Substance Use Disorder 

Substance use disorder occurs when a person's use of alcohol or another substance (drug) leads to health issues or problems at work, school, or home. Substance use may lead to a fatal overdose. The exact cause is not known.  A person’s genes, the action of the drug, peer pressure, emotional distress, and environmental stress can all be factors. 1 

Dual Diagnosis (also known as co-occurring disorders)

Dual Diagnosis is a term for when someone experiences a mental illness and a substance abuse problem simultaneously.  Dual Diagnosis is a very broad category. It can range from someone developing mild depression because of binge drinking, to someone's symptoms of bipolar disorder becoming more severe when that person abuses heroin during periods of mania.  

Either disorder (substance abuse or mental illness) can develop first.  A person experiencing a mental health condition may turn to drugs and alcohol as a form of self-medication to improve the troubling mental health symptoms they experience. 2



Tolerance happens when a person no longer responds to a drug in the way they did at first. So it takes a higher dose of the drug to achieve the same effect as when the person first used it. This is why people with substance use disorders use more and more of a drug to get the “high” they seek. 3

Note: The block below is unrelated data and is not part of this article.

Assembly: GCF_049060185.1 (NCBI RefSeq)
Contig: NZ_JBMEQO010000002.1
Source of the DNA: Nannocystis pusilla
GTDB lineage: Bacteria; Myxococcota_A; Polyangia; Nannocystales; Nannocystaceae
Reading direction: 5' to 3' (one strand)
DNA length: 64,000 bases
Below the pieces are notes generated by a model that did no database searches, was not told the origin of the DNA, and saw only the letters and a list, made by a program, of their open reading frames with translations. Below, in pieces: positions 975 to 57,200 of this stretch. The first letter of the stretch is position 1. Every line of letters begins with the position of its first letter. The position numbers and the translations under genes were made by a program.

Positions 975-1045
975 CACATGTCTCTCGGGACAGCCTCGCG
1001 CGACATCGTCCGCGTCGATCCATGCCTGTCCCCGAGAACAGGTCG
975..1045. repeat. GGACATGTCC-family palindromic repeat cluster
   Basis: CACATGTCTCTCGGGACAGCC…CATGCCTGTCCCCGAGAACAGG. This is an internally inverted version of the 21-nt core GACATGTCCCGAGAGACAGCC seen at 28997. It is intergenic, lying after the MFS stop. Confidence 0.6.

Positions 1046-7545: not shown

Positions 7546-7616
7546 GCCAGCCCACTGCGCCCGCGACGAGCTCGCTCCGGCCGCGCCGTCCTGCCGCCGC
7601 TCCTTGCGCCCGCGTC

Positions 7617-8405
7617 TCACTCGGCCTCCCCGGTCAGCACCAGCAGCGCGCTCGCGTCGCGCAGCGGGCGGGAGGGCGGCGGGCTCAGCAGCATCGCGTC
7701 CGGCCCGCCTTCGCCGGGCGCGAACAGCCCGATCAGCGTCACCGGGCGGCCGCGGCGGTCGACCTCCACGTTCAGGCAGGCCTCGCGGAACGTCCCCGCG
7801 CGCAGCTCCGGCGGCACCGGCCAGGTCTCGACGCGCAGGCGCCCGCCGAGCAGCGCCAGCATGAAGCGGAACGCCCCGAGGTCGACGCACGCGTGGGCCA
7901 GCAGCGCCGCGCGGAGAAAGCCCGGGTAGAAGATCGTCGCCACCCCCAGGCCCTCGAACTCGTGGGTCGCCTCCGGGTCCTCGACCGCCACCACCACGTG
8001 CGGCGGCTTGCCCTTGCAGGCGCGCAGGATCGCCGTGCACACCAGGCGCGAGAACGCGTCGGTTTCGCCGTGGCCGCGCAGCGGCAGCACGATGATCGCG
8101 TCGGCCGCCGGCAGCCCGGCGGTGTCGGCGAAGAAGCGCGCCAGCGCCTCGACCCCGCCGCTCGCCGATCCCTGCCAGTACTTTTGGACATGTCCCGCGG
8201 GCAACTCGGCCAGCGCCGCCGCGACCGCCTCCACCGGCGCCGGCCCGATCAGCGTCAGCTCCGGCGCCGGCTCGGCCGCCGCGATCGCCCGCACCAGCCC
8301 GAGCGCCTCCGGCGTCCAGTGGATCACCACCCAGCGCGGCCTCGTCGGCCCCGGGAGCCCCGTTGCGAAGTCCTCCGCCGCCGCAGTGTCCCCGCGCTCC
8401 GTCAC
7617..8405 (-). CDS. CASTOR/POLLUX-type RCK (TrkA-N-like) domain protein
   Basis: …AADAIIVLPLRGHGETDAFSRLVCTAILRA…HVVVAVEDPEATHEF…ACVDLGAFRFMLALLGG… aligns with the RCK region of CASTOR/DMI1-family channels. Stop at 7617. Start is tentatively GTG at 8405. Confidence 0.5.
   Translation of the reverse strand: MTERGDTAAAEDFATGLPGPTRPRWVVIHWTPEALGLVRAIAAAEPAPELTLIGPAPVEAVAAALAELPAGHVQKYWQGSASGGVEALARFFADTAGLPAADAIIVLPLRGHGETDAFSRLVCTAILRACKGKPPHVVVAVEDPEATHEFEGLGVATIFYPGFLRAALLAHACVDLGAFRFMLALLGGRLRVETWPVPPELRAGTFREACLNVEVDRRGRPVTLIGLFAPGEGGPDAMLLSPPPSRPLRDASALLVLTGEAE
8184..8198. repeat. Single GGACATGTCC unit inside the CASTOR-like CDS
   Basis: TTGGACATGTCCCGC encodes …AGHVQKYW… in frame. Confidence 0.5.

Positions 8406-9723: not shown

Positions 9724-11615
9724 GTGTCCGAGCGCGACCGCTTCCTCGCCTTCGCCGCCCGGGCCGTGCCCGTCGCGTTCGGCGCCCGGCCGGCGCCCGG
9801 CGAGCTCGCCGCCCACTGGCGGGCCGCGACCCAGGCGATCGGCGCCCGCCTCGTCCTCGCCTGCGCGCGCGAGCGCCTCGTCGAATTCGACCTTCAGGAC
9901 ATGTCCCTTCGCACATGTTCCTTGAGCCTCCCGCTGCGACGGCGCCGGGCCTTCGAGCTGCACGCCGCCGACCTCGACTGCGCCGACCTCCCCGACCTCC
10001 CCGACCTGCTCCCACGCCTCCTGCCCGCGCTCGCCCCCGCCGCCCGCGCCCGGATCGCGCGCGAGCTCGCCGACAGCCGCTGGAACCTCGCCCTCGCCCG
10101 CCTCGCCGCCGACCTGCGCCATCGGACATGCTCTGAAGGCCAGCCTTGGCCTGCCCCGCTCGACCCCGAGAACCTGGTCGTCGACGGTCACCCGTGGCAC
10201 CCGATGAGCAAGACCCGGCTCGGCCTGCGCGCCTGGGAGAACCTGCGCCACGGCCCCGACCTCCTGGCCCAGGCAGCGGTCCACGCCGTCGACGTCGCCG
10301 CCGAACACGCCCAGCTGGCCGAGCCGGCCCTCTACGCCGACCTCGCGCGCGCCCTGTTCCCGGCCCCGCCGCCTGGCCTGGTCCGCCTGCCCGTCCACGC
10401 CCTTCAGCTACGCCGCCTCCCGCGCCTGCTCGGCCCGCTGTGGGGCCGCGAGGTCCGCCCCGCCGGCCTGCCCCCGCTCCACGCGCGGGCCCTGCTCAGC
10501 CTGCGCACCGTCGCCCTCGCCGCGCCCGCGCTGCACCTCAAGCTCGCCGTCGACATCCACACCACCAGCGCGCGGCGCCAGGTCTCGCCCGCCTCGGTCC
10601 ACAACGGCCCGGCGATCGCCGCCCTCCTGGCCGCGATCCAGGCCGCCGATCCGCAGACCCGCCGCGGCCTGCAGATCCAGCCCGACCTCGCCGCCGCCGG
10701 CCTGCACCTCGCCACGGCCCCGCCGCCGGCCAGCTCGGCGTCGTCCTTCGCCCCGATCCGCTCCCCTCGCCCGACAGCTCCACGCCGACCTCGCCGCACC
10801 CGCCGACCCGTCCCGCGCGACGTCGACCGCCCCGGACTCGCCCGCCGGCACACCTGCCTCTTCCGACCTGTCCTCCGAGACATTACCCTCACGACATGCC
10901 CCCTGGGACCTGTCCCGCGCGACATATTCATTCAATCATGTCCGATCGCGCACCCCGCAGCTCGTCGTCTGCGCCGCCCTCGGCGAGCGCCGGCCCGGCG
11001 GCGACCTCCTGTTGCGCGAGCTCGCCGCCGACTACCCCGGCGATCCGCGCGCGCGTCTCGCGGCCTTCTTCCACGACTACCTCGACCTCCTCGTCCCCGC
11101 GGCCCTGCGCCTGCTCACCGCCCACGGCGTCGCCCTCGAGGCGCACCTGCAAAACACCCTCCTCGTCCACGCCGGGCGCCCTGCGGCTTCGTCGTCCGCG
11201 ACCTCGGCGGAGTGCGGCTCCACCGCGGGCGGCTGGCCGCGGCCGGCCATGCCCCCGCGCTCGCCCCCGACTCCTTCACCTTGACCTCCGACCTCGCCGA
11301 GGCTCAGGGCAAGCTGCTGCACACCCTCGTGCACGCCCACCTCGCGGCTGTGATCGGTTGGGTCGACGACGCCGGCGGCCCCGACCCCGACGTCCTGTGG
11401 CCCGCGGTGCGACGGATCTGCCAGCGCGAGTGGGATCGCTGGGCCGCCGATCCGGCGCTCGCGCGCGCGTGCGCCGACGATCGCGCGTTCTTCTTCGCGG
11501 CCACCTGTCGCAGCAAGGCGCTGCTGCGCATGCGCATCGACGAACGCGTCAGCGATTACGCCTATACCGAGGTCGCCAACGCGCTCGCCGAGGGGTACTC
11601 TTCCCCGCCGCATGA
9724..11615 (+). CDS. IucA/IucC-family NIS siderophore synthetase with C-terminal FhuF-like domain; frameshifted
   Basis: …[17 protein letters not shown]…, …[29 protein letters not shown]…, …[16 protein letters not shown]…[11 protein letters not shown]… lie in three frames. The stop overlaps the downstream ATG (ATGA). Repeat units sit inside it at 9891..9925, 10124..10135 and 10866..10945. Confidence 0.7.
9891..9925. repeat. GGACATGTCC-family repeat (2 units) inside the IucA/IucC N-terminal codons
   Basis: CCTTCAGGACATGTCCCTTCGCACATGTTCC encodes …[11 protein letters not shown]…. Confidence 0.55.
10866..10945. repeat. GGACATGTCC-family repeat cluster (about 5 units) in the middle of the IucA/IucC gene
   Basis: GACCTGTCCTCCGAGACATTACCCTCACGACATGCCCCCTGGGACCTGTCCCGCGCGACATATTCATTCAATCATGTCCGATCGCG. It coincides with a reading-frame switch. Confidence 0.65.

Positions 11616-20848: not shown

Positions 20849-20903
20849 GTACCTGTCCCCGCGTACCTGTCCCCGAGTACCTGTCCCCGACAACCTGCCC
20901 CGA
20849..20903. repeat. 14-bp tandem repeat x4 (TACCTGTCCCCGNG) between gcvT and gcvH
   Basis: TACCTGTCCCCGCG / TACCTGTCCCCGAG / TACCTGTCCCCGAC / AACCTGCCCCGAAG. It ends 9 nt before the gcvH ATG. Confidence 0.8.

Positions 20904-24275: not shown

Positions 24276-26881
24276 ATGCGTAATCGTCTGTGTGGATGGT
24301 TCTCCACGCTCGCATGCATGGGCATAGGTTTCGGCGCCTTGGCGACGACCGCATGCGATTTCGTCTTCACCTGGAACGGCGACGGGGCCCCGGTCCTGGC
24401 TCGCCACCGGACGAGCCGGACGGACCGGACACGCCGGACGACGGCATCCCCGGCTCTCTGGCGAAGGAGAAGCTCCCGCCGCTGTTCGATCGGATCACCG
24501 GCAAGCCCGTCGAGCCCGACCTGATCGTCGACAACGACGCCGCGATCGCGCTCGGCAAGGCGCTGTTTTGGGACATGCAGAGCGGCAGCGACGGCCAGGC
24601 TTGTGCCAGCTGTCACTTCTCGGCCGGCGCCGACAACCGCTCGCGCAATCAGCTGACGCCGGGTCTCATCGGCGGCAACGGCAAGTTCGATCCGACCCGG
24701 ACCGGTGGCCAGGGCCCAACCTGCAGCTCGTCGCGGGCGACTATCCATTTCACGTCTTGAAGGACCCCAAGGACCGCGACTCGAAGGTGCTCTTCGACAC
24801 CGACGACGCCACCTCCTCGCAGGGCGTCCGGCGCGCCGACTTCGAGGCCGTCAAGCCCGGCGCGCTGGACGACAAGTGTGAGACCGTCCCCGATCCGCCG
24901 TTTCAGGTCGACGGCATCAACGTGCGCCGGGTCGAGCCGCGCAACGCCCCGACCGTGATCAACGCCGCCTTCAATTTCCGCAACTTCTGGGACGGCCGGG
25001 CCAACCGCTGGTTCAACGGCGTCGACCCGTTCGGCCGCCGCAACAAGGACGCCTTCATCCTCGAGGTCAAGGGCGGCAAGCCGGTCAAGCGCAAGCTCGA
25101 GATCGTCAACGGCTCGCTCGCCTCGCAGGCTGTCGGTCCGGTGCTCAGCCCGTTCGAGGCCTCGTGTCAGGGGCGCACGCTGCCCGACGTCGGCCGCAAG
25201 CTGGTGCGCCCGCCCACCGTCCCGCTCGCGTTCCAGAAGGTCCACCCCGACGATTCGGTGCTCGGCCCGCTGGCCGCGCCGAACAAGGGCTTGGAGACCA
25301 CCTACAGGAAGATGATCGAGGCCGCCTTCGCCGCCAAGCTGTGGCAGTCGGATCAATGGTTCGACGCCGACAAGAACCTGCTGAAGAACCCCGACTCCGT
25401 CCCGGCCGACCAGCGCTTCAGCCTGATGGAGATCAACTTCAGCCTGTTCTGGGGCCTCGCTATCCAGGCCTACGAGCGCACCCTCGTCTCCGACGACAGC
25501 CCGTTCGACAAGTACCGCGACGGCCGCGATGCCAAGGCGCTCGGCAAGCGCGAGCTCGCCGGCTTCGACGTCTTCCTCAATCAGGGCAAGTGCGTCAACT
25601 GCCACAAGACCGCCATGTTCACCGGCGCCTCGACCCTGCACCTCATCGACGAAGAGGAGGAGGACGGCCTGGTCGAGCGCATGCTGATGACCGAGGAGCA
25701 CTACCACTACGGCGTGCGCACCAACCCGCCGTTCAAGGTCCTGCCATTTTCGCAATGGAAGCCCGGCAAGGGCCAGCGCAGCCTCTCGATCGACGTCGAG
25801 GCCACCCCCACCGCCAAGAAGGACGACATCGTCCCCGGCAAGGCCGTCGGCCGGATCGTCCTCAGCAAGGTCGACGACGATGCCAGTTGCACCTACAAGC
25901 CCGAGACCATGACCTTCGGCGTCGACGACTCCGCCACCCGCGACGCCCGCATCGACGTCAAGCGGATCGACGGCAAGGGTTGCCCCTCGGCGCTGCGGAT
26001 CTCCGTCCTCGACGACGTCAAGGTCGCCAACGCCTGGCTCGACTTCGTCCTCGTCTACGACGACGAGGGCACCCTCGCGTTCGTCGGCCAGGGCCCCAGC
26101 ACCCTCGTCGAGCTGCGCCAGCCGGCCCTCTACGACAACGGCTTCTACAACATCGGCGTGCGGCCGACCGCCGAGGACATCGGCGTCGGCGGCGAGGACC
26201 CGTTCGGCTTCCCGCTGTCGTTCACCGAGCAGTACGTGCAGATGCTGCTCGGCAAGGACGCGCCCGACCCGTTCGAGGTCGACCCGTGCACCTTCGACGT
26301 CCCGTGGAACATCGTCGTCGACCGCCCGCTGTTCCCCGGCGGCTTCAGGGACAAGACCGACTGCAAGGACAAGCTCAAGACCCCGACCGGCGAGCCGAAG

Dependence means that when a person stops using a drug, their body goes through withdrawal. Many people who take a prescription medicine every day over a long period of time can become dependent; when they go off the drug, they need to do it gradually, to avoid withdrawal discomfort. But people who are dependent on a drug or medicine aren’t necessarily addicted. 3


Unlike tolerance and dependence, addiction is a disease;; but like tolerance and dependence, addiction can result from taking drugs or alcohol repeatedly. If a person keeps using a drug and can’t stop, despite negative consequences from using the drug, they have an addiction (also called a severe substance use disorder). But again, a person can be dependent on a drug, or have a high tolerance to it, without being addicted to it. 3


Additional Information:





About Substances

To learn more about various substances, how they are commonly used, and their effects on the human body, see the list below:

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NM CAN thanks Western CT Coalition for it's support.

The Department of Mental Health & Addiction Services partially funds this program.